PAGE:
Richard wrote: "There is already case law that required [sic] equal access when campaigning. The same can be said for communicating with the membership." I don't get what these statements have to do with giving out email addresses to any owner who asks. I also don't get how the first sentence relates to the second. What does equal access to common areas for campaigning have to do with all owners having access to every owners' email addy?
RichardP13
(California)

Posts:2202


12/24/2017 10:39 AM  
Posted By KerryL1 on 12/24/2017 10:24 AM
Richard wrote: "There is already case law that required [sic] equal access when campaigning. The same can be said for communicating with the membership." I don't get what these statements have to do with giving out email addresses to any owner who asks. I also don't get how the first sentence relates to the second. What does equal access to common areas for campaigning have to do with all owners having access to every owners' email addy?



It's called EQUAL access. You need to think about it.
KerryL1
(California)

Posts:4632


12/24/2017 2:08 PM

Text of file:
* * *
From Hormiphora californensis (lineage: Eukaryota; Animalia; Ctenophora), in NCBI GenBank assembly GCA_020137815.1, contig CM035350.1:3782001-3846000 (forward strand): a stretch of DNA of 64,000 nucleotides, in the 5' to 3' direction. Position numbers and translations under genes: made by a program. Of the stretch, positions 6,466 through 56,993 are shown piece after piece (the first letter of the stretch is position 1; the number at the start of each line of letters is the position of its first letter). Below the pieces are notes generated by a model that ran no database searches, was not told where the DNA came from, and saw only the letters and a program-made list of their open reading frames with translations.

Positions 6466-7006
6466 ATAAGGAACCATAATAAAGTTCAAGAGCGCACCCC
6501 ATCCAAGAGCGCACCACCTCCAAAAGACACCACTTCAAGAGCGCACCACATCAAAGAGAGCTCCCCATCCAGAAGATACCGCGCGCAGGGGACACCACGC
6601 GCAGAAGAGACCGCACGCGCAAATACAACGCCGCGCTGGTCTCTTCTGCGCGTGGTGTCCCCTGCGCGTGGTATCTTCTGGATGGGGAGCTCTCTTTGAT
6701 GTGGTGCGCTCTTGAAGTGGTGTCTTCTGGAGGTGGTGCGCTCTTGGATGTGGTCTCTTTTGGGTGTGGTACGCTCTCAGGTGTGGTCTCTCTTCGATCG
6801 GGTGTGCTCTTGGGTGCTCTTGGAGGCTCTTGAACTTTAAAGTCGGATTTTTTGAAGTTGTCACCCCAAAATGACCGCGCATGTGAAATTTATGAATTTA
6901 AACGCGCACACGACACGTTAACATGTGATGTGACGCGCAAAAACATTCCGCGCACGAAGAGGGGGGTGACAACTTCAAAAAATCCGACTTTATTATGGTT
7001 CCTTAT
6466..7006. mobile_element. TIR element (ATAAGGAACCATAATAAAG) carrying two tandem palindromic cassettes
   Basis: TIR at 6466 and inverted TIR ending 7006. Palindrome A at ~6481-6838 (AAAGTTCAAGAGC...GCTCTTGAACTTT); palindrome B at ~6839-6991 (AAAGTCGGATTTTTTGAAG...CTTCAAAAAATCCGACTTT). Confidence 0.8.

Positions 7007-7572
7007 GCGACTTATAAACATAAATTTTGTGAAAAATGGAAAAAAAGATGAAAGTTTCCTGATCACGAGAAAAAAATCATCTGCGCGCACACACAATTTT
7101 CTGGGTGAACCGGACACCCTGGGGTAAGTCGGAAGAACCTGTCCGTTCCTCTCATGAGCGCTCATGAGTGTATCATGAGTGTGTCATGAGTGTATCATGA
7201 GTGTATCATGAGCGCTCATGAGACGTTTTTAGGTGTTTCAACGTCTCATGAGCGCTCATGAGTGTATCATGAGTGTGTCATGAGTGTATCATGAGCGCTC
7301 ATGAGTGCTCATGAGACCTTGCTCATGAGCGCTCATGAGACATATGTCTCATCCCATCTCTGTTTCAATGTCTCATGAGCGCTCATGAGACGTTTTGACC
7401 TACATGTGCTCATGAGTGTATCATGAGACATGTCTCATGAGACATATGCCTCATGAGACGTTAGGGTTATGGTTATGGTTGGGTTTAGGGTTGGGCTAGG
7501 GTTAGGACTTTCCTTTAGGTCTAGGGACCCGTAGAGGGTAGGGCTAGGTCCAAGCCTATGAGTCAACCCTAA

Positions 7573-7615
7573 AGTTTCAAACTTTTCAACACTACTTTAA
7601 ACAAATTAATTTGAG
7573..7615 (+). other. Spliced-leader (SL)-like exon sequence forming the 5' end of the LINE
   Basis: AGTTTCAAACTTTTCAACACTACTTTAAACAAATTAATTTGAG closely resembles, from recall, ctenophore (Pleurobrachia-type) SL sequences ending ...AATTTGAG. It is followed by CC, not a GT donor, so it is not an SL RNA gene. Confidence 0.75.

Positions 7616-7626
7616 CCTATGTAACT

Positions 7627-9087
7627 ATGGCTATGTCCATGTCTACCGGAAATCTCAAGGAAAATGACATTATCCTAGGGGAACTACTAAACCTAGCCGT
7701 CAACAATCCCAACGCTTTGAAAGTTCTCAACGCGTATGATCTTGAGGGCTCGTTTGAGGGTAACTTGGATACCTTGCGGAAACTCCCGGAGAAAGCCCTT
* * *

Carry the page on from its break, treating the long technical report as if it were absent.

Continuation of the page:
No, Richard. You can't just drop two sentences that don't fit together and ask anyone to think about it. Prove it with relevant CA citations
GenoS
(Florida)

Posts:1761


12/24/2017 2:29 PM  
Posted By JasonB13 on 12/23/2017 1:07 PM

My building has a receiving desk that receives all packages for the building, and we get email notifications when a package arrives, and also notifications from management. My understanding is that list should be made available to unit owners, since the email list is opt-in. The recent court rulings seem to indicate that just because the condo has your email doesn't make it community property, but if you allow them to use it for delivery notification then it becomes community property. Is this correct?

I believe "delivery notification" applies to delivery of notices from the association to the owner. Not package delivery.
GenoS
(Florida)

Posts:1761


12/24/2017 2:36 PM  
Posted By JasonB13 on 12/23/2017 5:25 PM
I'm in Florida, and the statue is Section 718.111(12). There's several cases and it all hinges on whether "consent was giving to receive official notices". So if consent was given to receive notices from the building, the email address should be part of the official records.